Restaurant review: Secret Restaurant, E9
15:48 13 December 2012
»For this review to make any sense I need to explain the Secret Cinema concept, which involves film lovers heading to a completely immersive experience based on a classic film – in this case prisoners in the Shawshank Redemption.
But, as part of the Secret Restaurant, we were special guests of the state governor, and dined in luxury while outside the inmates roamed the prison walls.
We were asked to wear 1940s clobber and bring a gift for our host, and from the moment I trudged up the path towards the remarkably prison-like former school in Hackney, I had a sense of genuine escapism.
We were ushered through the prison into a grand dining room. The setting was a candlelit affair and we tucked into a fantastically rich clam chowder as the champagne flowed.
As we ate, we were regaled by performances from inmates on the prison’s music reform programme – and between each course we took a tour of the prison facilities.
As we stepped from the safety of the dining room, with our hosts advising us to stay close, things got decidedly creepy and we could hear the screams of prisoners.
The place was labyrinthine and we strolled rounds cell, an infirmary, a canteen with a Johnny Cash-style band playing, and more besides.
I suspect you could write an essay on the psychological effects of being a secret diner – the “us and them” mentality was writ large as we sipped champagne and prisoners growled at us as we passed.
Back at the table – the main was a well-cut haunch of venison, tender and full flavoured with a rich gravy and incredibly creamy garlic mashed potato.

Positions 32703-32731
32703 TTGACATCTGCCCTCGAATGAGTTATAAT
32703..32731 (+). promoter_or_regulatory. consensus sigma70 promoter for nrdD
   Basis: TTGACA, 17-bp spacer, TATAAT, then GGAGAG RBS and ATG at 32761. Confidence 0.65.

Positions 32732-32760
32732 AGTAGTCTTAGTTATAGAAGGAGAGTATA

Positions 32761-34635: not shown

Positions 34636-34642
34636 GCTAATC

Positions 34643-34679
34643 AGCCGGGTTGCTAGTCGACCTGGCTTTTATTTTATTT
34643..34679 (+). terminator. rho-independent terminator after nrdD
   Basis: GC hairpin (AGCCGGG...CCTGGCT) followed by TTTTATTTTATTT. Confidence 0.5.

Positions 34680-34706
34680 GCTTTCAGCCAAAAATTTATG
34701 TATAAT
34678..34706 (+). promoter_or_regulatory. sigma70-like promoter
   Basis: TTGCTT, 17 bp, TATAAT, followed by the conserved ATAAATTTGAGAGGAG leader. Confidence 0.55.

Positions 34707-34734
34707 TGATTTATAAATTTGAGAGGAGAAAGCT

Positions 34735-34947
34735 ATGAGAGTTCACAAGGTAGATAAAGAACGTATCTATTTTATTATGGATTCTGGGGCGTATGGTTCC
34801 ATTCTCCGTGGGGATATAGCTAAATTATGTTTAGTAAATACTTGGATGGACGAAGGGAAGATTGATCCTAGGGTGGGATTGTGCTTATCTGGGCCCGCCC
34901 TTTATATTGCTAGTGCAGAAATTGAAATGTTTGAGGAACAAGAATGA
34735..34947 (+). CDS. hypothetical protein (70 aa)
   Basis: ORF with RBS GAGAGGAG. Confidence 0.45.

Then came the pudding – intriguing clove ice cream and apple pastry both courses washed down with lashings of red wine.
No sooner had we finished eating than a grave warning from the governor about an escaped prisoner put us on edge. The noise outside the dining room increased until finally we were told there was a full scale riot outside.
We then had to make a genuinely quite frightening escape through a gauntlet of angry prisoners, restrained by guards, until we reached the screening room and settled down to watch the film.
The secret restaurant is an amazing experience that has to be seen to be believed. And while Alan Stewart’s menu was both hearty and delicious (quite different, I suspect, from previous chef’s Blanch and Shock’s efforts), it was actually quite hard to concentrate on eating with so much madness going on around you. In some ways the food became a bit incidental.
But, despite this, I would without doubt place this in my top 10 meals out of the year and thoroughly recommend it to anyone – but you’ll have to be quick to get a ticket.